Engineer of the Week No.21 Caroline Maude Davis (27th April 1890- 25th October 1972)
Caroline Maude Davis was born in Yorkshire was probably educated in Sussex where her family lived for a while at the turn of the century. Her father was initially an indigo dyer but her mother’s family were ironmongers and by 1911 they were all living in Walsall where her father had become an ironfounder. The company, of which he became chairman of the board, was William Trow & Sons Ltd in nearby Wednesbury.There is no record how he moved to the iron industry but a connection via his wife’s family seems likely as her father was an ironmonger.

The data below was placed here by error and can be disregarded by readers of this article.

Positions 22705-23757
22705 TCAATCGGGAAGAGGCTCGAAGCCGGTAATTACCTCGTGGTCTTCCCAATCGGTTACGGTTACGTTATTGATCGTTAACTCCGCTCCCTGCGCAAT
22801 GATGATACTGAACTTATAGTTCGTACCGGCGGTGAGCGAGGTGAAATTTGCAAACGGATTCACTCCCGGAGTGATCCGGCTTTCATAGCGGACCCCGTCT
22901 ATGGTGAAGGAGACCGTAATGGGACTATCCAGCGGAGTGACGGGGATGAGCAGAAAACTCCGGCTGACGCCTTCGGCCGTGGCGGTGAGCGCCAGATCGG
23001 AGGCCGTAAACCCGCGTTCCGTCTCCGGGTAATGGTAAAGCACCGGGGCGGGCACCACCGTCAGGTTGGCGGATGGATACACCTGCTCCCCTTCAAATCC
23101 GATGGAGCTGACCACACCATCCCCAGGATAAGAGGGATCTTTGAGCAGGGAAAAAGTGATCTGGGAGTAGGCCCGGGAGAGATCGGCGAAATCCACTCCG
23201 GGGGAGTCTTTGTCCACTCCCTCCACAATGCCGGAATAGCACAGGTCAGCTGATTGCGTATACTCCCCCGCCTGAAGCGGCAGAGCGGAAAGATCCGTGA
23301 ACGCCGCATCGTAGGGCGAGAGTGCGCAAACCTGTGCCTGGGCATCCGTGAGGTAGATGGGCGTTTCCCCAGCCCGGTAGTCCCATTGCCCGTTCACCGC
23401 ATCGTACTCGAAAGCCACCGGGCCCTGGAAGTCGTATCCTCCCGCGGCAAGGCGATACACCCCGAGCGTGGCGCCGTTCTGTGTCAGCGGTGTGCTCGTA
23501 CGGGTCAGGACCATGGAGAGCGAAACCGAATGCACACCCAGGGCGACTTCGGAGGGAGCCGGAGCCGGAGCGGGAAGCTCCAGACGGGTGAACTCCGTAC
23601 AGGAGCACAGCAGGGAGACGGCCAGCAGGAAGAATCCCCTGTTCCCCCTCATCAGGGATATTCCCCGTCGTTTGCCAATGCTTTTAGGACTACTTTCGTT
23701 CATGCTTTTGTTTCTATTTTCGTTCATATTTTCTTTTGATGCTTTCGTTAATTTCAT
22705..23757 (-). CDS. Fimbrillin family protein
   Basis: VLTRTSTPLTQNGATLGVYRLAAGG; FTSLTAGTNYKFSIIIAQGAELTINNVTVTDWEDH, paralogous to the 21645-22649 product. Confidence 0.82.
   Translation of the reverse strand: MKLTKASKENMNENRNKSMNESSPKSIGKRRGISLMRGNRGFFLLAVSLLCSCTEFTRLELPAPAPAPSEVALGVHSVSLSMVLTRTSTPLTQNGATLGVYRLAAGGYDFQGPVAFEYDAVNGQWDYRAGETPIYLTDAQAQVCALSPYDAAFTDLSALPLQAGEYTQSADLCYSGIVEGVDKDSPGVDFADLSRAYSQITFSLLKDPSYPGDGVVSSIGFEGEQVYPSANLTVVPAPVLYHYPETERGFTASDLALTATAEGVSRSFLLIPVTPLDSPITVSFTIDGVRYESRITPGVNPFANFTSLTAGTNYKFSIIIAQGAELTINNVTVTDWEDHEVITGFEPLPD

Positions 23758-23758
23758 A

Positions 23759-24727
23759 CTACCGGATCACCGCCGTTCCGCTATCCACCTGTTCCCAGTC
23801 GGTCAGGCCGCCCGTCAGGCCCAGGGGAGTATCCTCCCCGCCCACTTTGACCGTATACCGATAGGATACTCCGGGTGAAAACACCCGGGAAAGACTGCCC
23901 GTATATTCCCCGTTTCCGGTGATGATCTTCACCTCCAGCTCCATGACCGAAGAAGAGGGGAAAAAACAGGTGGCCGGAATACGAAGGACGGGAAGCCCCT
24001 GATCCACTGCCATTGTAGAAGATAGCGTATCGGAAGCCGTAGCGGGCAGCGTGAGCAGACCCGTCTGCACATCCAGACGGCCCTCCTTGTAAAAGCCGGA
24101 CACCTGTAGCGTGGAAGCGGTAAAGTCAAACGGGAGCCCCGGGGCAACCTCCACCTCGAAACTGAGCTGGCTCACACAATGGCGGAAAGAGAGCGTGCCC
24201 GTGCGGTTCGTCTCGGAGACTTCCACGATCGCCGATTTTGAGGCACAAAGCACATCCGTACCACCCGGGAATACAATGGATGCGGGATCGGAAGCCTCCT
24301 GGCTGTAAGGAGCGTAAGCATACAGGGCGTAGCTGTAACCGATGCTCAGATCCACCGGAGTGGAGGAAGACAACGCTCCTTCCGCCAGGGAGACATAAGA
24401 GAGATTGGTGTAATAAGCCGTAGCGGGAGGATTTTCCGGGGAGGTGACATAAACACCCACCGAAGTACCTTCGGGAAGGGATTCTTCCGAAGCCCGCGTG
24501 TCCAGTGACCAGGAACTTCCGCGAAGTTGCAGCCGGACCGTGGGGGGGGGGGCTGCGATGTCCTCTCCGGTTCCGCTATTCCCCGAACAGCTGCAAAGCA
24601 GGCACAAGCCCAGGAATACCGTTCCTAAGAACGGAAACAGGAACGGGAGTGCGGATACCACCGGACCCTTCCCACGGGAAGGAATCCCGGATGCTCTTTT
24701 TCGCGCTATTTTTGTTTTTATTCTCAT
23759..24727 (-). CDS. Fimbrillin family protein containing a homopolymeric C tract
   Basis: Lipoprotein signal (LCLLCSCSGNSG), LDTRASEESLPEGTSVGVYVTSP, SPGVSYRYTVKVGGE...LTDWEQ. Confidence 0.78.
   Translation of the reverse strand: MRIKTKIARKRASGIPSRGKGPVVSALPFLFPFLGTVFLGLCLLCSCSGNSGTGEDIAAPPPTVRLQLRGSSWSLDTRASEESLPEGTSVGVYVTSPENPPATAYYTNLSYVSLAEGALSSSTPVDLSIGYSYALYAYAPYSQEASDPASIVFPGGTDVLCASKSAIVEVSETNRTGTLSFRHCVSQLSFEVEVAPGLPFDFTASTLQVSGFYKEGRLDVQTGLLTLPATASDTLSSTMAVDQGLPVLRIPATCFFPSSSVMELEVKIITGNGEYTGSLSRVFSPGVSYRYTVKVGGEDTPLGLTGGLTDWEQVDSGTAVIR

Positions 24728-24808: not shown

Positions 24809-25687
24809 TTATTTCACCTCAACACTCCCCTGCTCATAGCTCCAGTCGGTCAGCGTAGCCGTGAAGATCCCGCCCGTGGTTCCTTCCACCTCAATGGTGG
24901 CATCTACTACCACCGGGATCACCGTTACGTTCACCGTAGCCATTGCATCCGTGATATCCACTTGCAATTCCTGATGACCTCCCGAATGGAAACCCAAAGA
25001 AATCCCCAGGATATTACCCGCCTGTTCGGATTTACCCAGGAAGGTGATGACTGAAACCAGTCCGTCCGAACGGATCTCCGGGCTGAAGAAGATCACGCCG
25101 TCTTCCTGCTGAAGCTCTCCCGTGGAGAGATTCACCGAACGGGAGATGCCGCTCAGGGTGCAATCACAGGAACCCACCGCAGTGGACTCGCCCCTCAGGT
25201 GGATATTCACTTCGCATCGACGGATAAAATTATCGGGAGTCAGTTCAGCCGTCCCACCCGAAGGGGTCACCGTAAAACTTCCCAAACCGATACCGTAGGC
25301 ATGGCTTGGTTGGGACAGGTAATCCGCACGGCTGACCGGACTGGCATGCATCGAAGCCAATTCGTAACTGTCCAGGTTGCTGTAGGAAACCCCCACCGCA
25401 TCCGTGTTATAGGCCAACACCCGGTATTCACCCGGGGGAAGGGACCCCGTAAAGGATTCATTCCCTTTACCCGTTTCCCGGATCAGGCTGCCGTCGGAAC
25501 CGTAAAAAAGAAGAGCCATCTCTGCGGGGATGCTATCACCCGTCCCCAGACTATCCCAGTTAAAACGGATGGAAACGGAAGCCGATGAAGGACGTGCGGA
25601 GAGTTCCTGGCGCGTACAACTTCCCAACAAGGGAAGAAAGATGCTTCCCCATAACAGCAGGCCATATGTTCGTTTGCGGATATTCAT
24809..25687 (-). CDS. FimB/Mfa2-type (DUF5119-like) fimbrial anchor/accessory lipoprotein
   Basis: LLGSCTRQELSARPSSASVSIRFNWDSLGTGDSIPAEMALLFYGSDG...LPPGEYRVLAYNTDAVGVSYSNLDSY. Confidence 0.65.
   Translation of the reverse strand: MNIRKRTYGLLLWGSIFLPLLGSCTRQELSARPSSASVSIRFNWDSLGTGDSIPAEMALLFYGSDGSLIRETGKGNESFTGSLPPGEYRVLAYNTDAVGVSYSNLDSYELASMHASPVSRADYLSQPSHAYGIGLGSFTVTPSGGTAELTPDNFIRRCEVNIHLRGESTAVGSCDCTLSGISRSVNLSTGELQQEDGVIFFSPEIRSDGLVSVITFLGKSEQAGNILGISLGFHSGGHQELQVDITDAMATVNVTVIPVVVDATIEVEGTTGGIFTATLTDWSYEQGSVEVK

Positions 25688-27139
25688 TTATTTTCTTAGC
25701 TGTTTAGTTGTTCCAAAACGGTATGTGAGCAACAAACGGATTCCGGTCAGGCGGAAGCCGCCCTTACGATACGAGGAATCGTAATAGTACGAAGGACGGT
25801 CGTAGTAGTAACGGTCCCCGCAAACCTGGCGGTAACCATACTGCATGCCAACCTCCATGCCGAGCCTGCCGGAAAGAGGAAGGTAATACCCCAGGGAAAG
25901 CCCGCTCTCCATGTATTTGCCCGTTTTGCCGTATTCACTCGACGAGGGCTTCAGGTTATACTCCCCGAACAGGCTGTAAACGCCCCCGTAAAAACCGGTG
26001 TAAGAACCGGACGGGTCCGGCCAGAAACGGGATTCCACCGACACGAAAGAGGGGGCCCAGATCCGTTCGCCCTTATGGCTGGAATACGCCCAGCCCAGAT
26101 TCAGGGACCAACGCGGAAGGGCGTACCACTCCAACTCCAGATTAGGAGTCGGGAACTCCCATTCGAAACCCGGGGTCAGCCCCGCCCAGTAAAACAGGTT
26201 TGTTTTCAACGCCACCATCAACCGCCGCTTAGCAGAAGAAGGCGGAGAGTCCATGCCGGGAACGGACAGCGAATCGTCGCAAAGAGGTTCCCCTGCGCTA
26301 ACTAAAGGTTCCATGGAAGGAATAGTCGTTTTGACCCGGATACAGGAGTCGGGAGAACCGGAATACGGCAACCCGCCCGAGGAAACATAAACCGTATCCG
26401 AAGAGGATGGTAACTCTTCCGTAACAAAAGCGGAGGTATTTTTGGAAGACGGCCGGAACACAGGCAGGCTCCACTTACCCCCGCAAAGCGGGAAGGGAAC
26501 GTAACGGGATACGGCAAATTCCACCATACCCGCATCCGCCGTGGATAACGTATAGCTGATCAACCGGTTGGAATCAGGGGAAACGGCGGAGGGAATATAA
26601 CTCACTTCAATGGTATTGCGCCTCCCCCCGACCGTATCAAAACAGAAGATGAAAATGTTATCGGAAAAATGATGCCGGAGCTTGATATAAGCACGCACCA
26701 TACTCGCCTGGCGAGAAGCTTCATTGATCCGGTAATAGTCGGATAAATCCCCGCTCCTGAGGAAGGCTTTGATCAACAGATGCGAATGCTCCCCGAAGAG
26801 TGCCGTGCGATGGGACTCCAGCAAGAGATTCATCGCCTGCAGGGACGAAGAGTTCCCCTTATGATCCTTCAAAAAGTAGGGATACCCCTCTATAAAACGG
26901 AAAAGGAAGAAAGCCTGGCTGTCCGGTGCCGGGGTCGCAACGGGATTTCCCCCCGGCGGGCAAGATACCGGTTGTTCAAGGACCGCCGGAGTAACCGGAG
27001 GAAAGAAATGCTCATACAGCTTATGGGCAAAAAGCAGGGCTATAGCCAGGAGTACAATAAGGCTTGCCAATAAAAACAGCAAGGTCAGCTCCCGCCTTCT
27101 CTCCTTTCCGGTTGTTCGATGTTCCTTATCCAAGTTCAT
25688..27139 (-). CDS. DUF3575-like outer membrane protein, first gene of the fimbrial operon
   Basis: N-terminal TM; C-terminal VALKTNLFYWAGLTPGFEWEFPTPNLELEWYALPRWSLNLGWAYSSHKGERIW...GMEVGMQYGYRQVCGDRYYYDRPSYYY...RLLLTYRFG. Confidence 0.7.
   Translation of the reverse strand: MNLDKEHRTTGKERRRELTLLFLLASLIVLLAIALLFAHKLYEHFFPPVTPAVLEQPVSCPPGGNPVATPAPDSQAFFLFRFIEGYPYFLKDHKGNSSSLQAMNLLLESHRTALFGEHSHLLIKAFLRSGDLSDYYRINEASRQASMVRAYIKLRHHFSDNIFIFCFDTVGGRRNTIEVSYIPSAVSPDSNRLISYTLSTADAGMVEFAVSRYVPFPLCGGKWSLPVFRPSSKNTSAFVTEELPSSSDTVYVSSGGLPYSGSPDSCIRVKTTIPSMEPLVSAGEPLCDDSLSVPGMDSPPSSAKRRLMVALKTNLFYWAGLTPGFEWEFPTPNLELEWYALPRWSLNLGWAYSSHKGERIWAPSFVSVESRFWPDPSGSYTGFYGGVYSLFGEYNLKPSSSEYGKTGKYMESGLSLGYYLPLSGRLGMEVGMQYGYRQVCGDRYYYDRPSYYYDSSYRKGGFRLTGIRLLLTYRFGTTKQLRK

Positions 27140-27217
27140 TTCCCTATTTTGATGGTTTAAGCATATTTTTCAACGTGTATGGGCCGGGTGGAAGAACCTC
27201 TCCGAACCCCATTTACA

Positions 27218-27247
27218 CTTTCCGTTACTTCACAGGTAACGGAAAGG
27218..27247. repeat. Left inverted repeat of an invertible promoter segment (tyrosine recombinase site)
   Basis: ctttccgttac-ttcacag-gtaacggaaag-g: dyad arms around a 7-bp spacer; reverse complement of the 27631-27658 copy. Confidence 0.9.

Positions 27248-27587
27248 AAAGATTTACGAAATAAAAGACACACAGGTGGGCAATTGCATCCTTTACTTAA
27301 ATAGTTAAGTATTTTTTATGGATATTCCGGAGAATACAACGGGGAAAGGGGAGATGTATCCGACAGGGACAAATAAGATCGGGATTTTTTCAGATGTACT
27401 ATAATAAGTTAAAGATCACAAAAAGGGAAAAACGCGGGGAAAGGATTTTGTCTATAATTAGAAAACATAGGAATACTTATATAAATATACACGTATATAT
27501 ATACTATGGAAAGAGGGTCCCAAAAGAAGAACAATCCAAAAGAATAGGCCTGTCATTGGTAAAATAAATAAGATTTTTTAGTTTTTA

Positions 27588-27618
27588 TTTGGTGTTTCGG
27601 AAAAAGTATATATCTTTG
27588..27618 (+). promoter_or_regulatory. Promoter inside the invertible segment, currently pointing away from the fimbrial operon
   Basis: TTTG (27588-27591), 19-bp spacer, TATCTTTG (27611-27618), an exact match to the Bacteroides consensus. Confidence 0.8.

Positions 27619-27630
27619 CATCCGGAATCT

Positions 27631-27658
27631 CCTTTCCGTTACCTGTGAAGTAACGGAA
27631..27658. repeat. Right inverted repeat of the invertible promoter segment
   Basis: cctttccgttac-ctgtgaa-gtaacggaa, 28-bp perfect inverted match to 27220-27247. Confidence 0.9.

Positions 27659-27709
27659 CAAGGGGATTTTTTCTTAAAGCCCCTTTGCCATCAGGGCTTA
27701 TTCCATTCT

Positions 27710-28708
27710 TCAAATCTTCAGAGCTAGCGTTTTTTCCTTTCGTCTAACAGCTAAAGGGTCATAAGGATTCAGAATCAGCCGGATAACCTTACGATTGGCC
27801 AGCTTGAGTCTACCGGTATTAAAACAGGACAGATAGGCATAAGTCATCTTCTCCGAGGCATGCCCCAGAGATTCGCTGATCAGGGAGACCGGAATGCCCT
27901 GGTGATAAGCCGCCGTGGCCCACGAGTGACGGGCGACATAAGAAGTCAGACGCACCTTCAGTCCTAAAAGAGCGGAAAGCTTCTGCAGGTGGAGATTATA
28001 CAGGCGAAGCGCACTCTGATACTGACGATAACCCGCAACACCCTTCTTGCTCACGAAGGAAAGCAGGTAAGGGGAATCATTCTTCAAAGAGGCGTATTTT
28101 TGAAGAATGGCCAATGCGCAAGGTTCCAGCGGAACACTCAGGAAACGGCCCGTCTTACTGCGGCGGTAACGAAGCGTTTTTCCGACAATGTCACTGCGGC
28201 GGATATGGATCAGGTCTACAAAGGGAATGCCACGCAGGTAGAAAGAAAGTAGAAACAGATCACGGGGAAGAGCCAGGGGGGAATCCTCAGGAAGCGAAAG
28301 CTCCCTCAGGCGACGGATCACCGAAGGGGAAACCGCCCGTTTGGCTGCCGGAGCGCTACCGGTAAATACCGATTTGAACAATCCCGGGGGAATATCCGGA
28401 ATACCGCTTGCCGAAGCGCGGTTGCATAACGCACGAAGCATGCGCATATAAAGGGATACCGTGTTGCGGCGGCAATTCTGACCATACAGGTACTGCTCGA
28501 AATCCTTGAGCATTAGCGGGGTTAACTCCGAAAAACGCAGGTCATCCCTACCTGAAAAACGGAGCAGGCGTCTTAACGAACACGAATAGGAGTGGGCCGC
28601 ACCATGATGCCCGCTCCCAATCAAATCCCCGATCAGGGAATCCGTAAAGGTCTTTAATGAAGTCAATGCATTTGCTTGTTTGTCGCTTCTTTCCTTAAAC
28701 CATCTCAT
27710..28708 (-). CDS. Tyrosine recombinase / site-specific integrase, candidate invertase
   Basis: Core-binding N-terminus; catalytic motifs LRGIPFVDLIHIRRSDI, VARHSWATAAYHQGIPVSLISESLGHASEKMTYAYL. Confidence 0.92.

What we do know is that Caroline worked there with him for some years and that in 1923 The Woman Engineer tells us that Caroline “ … has for some time assisted with her father's foundry at Wednesbury, has now joined Miss C. Griff at Birmingham, with a view to enlarging the scope of the Stainless and Non-Corrosive Metal Co.”. Miss Griff was a somewhat eccentric WES member who went by a number of names but this company they set up together operated briefly, making such things as stainless steel tin openers. It is not clear what Caroline’s involvement was to be but she did invest in the company to the tune of 60 shares, other shareholders including her mother, sisters, aunt and uncle, plus a mixture of aristocratic ladies and others.The Davis ladies must have been quite prosperous at this time as they were living in Hartopp Road, one of the most prestigious addresses in Sutton Coldfield. Miss C. Griff, who went by a number of names in this period, was a self-educated engineer also from a prosperous family but not a great businesswoman and this company only lasted a short while. This is the last evidence that Caroline was involved in the metal industries and she died in Stroud in 1972.